3. No garden? No issue… – community gardens and allotments are springing up (excuse the pun) all over the country, partly in response to the pandemic. Drop in and see if they need any help, many offer volunteering opportunities. Benefits include new friends, new knowledge, satisfaction and (sometimes) free veg and plant cuttings! Checkout Farm Garden here to locate your nearest one! 

Growing in your own house needn’t require access to outdoor space – window boxes and indoor gardening exploits are all feasible and fun!  

  1. Still no green space? Rally the locals, speak to your council, is there an area of disused /underused land that could be turned into something that offers a real benefit to the community and improves the local environment? Many councils are really keen to support these sorts of initiatives at the moment as it fits well with their green ambitions and community resilience/recovery post-pandemic so it’s definitely worth a try! There is probably a group already doing this, check out your local news channels and see if you can support their work!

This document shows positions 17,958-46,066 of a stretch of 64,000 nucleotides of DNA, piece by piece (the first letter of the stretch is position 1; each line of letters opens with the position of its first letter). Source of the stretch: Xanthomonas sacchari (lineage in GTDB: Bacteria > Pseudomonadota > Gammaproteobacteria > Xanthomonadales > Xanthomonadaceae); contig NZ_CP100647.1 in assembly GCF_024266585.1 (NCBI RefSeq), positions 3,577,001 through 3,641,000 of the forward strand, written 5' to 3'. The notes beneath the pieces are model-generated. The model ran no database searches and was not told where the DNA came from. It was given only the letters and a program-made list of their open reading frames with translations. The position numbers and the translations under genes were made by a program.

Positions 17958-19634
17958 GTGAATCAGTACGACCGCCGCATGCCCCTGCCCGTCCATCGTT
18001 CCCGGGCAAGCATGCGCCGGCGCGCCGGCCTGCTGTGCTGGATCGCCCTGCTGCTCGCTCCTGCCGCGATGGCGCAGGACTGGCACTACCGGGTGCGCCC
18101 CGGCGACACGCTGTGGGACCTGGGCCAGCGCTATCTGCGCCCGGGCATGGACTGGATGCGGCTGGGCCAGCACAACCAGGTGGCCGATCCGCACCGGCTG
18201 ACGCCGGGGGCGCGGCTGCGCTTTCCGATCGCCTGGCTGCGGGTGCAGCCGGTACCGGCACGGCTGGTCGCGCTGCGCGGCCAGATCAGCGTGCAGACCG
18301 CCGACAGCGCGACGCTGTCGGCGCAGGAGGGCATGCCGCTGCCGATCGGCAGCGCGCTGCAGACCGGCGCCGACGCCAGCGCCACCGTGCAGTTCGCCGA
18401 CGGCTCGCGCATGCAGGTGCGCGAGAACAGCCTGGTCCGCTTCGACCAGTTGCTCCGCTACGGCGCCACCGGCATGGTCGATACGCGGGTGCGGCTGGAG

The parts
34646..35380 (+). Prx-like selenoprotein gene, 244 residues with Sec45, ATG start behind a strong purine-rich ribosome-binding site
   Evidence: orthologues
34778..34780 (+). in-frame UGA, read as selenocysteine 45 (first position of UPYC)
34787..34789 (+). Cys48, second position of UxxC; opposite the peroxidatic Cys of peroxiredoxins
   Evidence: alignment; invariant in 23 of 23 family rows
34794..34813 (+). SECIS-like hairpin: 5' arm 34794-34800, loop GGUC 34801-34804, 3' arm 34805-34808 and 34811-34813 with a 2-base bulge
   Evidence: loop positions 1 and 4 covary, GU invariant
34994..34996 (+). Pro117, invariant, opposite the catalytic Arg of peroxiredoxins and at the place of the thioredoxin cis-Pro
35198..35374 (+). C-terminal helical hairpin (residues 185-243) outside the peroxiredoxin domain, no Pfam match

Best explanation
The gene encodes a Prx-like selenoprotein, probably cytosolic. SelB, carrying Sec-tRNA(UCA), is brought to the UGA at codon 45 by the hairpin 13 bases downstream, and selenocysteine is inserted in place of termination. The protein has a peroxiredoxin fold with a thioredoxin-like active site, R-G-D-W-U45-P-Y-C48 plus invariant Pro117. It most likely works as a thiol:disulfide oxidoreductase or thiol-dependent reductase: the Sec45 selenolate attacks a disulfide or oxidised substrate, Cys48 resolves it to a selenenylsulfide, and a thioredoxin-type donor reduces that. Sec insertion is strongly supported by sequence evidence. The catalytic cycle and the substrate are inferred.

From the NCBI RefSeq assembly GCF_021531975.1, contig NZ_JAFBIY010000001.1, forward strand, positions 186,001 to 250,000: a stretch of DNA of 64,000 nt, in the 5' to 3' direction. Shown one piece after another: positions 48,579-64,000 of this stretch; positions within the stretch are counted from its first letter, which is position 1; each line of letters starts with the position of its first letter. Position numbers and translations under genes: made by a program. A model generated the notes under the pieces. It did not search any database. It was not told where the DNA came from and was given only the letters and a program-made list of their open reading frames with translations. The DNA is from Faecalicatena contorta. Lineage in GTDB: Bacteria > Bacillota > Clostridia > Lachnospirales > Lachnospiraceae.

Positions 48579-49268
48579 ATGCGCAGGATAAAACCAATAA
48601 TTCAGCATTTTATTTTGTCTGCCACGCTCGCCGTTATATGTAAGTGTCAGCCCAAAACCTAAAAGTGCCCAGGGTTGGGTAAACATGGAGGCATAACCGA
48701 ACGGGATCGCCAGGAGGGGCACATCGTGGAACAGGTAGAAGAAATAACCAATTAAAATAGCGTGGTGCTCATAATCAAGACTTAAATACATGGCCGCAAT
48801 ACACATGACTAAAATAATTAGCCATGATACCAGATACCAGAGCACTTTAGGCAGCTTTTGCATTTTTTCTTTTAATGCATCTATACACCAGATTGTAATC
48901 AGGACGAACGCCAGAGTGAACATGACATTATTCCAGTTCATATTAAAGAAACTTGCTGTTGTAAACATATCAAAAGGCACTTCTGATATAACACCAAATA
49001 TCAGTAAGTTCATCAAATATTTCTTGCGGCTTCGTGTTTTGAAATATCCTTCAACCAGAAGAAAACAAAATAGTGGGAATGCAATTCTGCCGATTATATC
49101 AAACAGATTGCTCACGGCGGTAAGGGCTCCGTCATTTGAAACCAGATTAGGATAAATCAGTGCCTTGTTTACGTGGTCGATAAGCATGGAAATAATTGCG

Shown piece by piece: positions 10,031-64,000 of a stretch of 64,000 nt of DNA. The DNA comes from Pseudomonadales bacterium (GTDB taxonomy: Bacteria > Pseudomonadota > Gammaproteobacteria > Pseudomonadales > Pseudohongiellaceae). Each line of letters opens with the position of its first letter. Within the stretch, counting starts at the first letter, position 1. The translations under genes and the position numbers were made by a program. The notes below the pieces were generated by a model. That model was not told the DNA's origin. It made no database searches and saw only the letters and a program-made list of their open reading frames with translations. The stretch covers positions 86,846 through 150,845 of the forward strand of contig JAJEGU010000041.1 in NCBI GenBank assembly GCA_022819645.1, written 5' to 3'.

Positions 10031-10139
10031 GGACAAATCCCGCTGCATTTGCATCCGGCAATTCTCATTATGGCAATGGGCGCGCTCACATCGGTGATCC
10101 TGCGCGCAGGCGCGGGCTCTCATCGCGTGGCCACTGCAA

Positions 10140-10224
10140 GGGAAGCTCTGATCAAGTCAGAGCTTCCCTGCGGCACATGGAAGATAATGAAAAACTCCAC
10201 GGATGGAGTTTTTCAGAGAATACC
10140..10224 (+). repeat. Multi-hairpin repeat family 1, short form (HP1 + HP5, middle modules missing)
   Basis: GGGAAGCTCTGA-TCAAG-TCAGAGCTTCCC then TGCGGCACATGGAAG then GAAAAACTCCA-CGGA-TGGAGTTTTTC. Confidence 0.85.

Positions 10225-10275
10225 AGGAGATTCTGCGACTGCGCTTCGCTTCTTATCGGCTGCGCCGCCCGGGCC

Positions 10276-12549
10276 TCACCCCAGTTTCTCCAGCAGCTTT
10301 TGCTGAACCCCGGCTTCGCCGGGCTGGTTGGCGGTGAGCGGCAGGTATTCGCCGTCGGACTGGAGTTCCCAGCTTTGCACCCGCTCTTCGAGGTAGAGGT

2. Go au natural – there are multiple natural fertilizers and pest-controls that can be used rather than harsh chemicals that ensure your plants flourish. Top tips include:
    • Used coffee grounds, egg shells, banana peel and seaweed all make excellent fertilisers. Allow them to compost then spread on your patch for a natural nutrient boost. 
    • If you are to buy fertilizer, make sure it is organic! 
    • Peeing as a fertilizer?!? Yes you heard me right – check out this, if you do try, please let us know your levels of success on our Insta!
    • Think about encouraging animals that might feed on pests rather than looking to obliterate them. For example, hedgehogs will eat slugs, wasps eat certain caterpillars….
    • This article lists out some great tips for getting rid of the common pests you may encounter! Mild soapy water and copper collars anyone…?